Calulator on 100s 6 redThe Third Department gave us insight into its analysis of child support awards in two recent decisions in which it increased those awards.

What to do when the parents’ combined income exceeds the Child Support Standards Act (C.S.S.A.) cap, now $141,000, appears to be, at the trial level, often county-, if not judge-dependent. Use by the lower courts around the state upon these decisions will vary, perhaps greatly.

In Petersen v. Petersen, decided February 26, 2015, the Third Department increased the divorce-action award of Albany Supreme Court Justice Eugene P. Devine (now, himself, sitting on the Third Department).

The parties had one child, born in 1999. After the parties separated and lived apart for several years, the husband commenced this divorce action based on the parties’ separation agreement. After finding that the child support provision of the separation agreement did not comply with the Child Support Standards Act, a trial was held to address, among other things, child support.

Justice Devine granted the divorce, incorporated the parties’ separation agreement except for the weekly child support provision, and ordered the husband to pay child support in the amount of $414 per week, declining to order child support on any income above the C.S.S.A. statutory cap, then $136,000 (and now $141,000). The wife appealed.

Continue Reading Increasing Child Support On Appeal: Awards On Income Over The Cap

What is a “mandatory” college expense to be shared by the parents?

In its January 15, 2014 decision in Shaughnessy v. Cox, the Second Department upheld the order of Nassau County Family Court Judge Robin M. Kent (which in turn upheld the determination of Support Magistrate Neil Miller) directing the father to pay 50% of the college expenses of the parties’ children regardless of their emancipation. The parties’ stipulation of settlement of their divorce action so provided. Moreover, the father’s obligation included the repayment of expenses which were paid from the proceeds of student loans.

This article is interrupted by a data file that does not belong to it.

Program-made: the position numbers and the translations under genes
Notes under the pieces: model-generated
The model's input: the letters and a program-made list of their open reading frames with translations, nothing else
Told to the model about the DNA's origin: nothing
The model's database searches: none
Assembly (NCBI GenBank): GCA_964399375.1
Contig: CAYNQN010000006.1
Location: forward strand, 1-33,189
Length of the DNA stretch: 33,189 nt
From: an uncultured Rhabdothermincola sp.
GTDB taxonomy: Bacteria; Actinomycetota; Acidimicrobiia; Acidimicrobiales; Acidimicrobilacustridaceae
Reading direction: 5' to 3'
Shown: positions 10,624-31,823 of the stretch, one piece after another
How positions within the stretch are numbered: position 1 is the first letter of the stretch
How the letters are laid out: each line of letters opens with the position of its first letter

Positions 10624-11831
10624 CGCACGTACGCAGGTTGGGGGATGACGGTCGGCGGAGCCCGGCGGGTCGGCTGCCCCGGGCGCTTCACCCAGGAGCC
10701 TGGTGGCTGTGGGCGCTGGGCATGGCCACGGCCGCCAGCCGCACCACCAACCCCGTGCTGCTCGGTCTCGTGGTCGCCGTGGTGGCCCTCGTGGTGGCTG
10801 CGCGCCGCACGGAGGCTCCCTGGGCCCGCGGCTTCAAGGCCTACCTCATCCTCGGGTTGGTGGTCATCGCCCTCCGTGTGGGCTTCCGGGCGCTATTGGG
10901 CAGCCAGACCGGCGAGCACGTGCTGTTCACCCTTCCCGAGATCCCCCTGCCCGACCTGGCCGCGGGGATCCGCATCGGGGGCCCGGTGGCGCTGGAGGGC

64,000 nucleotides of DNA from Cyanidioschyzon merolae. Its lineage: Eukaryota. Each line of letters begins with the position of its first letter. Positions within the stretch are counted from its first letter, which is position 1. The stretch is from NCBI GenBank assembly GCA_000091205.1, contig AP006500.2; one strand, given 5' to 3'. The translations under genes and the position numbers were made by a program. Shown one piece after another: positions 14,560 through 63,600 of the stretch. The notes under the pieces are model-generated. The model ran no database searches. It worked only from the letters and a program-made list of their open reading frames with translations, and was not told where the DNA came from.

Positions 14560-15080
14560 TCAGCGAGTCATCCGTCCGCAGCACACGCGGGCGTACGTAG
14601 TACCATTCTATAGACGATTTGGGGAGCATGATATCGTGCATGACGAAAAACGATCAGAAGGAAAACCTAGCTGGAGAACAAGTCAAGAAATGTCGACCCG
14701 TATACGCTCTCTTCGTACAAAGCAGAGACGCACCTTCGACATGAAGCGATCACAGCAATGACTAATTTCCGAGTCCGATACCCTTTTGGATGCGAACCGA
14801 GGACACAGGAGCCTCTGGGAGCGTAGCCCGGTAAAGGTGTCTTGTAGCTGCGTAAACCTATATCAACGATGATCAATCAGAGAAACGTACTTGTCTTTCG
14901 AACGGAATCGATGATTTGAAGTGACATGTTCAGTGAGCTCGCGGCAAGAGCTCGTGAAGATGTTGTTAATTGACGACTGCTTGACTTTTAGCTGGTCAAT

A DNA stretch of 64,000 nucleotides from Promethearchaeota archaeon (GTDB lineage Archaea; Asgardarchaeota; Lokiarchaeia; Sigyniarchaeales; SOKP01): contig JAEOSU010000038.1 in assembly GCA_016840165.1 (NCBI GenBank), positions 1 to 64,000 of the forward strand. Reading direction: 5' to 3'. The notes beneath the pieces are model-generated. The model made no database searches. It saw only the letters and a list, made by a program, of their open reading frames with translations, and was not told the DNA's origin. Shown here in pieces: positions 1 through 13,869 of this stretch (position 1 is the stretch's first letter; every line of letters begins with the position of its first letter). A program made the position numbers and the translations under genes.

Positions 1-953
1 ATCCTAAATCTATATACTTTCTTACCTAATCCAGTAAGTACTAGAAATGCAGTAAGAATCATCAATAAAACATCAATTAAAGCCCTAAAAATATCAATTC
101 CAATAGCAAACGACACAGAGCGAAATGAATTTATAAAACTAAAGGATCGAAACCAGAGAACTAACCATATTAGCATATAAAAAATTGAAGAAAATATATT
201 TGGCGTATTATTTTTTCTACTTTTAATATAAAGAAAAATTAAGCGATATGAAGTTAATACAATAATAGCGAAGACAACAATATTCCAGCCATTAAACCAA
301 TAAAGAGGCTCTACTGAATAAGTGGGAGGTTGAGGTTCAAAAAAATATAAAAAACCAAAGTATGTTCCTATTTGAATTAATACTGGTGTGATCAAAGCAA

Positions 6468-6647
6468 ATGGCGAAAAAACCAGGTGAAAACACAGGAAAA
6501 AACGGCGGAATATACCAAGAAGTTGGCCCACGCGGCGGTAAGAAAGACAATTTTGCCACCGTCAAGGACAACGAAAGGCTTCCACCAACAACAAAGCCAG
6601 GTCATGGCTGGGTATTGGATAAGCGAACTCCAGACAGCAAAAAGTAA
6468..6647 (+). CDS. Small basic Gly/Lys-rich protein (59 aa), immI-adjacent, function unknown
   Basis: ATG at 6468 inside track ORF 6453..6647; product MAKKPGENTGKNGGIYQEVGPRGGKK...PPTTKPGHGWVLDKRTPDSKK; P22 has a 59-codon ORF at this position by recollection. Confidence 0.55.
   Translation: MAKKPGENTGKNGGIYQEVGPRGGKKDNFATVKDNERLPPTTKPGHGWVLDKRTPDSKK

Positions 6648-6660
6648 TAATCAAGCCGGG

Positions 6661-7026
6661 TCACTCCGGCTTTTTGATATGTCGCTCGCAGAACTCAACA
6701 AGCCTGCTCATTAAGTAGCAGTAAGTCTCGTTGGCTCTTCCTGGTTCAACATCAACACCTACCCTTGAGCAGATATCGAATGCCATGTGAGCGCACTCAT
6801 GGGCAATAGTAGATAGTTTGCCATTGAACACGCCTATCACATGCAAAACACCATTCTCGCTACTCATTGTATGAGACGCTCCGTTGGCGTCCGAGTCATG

However, Magistrate Miller had required the father to pay those expenses “upon the mother’s presentation of proper documentation directly to him . . . .” This, the Second Department held was error. Rather, the documentation should be provided by the mother first to the Family Court. The Court would determine whether the expenses were mandatory and, therefore, payable by the father pursuant to the parties’ agreement.

Setting up a situation in which parties are required to go, in the first instance, to a court to determine whether a college expense is “mandatory,” seems like extra work is being created. Here, it is not explained why the mother did not present proper documentation of expenses prior to Magistrate Miller making his ruling. Alternatively, the appellate court could have set up a procedure by which only if the father disputed the mandatory nature of expenses claimed by the mother would further Family Court proceedings be necessary.

Once again, the controversy results from the failure of an agreement to properly set forth the categories of college expenses to be shared. Apparently this agreement only specified “mandatory” expenses.